USS George Clymer (APA-27) participated in three campaigns
• Decommissioned, 31 October 1967, at San Diego, CA.
• Struck from the Naval Register, date unknown
USS George Clymer earned six battle stars for World War II, seven battle stars for Korean War service. the Armed Forces Expeditionary Medal and the Vietnam Service Medal with three campaign stars for Vietnam War service
• Final Disposition, sold for scrapping, 26 July 1968, to National Metals & Steel Corp.

APA-28: USS Charles Carroll

Crescent City-class attack transport (6*)

• Laid down, 24 March 1942, as SS Del Uruguay, a Maritime Commission type (C3P-Delta) hull, under Maritime Commission contract (MC hull 150) for the Mississippi Shipping Co. at Bethlehem Steel Corp. Sparrow Point, MD.
• Commissioned
USS Charles Carroll (AP-58), 13 August 1942, CDR. Harold Biesemeier in command
• Redesignated
Attack Transport APA-28, 1 February 1943
• During World War II
USS Charles Carroll was first assigned to the Europe-Africa-Middle East Theater and participated in five campaigns and later to the Asiatic-Pacific Theater, participating in the Okinawa Gunto operation
• When assigned to the Asiatic-Pacific Theater
USS Charles Carroll came under the command of: TransRon Eighteen, COMO. J. G. Moyer USN (14): TransDiv Fifty-Two
• Following World War II
USS Charles Carroll was assigned to Occupation and China service in the Far East
• Decommissioned, 27 December 1946, at San Francisco, CA.
• Laid up in the San Francisco Group, Pacific Reserve Fleet
• Struck from the Naval Register, 1 October 1958
USS Charles Carroll earned six battle stars for World War II service
• Custody transferred to the
Maritime Administration (MARAD), 29 October 1958
• Disposed of by MARAD sale, 1 April 1977
• Final Disposition, sold for scrapping, 12 April 1977, to General Metals, Inc., Tacoma WA. (PD-X-1016 for 119,900.00), Withdrawn from the Reserve Fleet, 2 May 1977

APA-29: USS Thomas Stone

President Jackson-class attack transport (1*)

• Laid down, 12 August 1940, as SS President Van Buren, a Maritime Commission type (C3-A) hull, under Maritime Commission contract (MC hull 58) at Newport News Shipbuilding and Dry Dock, Newport News, VA.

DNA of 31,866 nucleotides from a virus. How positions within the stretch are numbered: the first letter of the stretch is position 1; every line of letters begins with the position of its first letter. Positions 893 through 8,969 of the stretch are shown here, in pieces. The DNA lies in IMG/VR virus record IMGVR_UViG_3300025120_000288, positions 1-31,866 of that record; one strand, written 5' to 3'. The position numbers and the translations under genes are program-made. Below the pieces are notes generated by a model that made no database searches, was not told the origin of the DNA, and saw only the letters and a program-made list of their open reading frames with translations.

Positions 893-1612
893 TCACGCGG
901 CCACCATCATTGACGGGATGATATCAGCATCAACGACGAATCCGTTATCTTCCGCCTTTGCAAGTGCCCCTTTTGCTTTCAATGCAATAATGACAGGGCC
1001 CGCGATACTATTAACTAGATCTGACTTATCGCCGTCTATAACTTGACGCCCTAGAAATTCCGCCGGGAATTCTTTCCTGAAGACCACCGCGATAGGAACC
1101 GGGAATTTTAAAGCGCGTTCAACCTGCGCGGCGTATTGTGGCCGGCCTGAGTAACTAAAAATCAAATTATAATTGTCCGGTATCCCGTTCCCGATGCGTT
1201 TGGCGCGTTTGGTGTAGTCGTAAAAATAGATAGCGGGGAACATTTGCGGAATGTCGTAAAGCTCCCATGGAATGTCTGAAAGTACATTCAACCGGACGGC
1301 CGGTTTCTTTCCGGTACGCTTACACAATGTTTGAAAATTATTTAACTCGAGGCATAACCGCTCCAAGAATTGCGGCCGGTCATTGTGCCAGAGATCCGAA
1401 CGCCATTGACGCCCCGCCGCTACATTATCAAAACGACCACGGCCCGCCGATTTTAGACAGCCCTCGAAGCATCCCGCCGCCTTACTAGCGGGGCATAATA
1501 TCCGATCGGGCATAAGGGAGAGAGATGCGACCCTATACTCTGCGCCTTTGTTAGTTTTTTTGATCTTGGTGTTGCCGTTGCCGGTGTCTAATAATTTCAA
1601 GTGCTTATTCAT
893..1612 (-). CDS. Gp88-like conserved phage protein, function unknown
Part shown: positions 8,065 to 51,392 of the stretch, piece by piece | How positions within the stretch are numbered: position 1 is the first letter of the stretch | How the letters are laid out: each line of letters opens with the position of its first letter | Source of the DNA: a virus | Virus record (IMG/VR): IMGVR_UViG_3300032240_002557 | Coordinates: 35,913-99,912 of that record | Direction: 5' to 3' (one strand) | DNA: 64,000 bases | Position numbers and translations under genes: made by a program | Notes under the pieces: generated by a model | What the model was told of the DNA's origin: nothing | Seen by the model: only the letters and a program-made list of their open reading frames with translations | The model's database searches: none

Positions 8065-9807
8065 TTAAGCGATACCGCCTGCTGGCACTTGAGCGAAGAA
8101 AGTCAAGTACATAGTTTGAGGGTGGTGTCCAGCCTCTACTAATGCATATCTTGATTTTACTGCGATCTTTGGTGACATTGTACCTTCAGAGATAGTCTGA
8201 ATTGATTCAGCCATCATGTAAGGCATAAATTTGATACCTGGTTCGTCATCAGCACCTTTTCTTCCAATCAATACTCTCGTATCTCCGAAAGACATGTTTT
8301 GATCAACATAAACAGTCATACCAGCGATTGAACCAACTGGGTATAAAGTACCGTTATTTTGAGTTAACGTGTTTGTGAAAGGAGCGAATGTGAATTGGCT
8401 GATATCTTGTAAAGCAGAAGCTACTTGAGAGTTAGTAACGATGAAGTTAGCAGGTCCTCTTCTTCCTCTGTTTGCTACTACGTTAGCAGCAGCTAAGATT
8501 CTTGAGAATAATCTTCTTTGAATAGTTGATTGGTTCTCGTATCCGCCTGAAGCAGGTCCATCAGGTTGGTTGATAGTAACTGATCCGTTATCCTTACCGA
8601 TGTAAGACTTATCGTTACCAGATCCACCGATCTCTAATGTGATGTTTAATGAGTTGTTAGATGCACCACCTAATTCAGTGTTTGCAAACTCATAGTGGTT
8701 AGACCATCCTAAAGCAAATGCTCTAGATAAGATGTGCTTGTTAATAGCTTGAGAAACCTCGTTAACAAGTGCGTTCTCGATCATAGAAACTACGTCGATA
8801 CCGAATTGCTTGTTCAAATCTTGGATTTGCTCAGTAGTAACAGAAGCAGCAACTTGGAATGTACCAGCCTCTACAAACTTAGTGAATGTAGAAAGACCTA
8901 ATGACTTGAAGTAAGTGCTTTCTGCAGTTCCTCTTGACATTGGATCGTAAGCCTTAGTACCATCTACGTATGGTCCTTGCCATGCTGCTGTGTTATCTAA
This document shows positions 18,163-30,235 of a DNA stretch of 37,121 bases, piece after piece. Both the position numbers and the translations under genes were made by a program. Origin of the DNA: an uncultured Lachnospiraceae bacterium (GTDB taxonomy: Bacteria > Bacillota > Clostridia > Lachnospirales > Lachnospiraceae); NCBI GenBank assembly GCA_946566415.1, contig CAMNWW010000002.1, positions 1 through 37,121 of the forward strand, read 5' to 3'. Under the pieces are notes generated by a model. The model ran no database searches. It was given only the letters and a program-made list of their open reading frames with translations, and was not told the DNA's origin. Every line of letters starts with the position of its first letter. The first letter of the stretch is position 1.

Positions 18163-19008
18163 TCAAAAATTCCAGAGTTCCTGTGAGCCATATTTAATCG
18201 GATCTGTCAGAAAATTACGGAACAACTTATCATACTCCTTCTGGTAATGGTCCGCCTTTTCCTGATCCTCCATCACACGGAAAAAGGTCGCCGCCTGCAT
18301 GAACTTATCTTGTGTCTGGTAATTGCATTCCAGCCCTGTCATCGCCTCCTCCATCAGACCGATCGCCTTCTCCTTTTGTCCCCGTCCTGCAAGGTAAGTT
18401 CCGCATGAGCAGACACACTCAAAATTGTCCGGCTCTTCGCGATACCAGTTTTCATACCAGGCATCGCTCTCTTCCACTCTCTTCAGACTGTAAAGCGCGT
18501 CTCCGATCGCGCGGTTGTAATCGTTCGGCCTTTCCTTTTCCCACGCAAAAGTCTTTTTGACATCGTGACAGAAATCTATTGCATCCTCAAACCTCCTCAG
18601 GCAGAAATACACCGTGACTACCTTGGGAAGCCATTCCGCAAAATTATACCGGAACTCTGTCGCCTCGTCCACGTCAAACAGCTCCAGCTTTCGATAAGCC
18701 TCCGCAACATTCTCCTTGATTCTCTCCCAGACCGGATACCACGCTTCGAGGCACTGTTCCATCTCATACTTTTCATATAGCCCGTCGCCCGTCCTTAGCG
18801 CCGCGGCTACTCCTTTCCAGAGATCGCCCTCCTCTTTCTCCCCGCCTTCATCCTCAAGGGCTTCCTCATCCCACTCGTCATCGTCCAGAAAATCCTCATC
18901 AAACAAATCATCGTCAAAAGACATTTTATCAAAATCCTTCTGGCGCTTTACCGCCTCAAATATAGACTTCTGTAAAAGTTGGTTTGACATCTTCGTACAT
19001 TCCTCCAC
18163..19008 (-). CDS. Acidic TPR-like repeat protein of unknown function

• Launched, 1 May 1941
• Delivered to American President Lines, 11 September 1941
• Acquired by the US Navy, 14 January 1942
• Converted to a
Naval Transport
• Commissioned
USS Thomas Stone (AP-59), 18 May 1942, CAPT. O. R. Bennehoff in command
• During World War II
USS Thomas Stone was assigned to the Europe-Africa-Middle East Theater and participated in the Tunisian campaign
• Reclassified as
Attack Transport (APA-29), 1 February 1943
Decommissioned, 1 April 1944, due to torpedo damage
• Struck from the Naval Register, 8 April 1944
USS Thomas Stone earned one battle star for World War II service
Final Disposition, sold to Le Material Economique, Algiers for Scrapping

AP-73: USS Leedstown

Leedstown-class attack transport (1*)

Originally AP-73 APA # not actually used as ship was lost before the APA designations were assigned in February, 1943

• Built in 1933 as SS Santa Lucia at Federal Shipbuilding & Dry Dock Co. Kearny, N.J.
• Acquired by the US Navy, 6 August 1942
• Commissioned
USS Leedstown (AP-73), 24 September 1942. LCDR. Duncan Cook in command
• During World War II
USS Leedstown (AP-73) was assigned to the Europe-Africa-Middle East Theater and participated in the North African campaign
• Final Disposition, hit by enemy torpedo, possibly from
U-331, and sunk, 8 November 1942, near Cape Matifou, Algiers
• Struck from the Naval Register, 7 December 1942
USS Leedstown was awarded one battle star for World War II service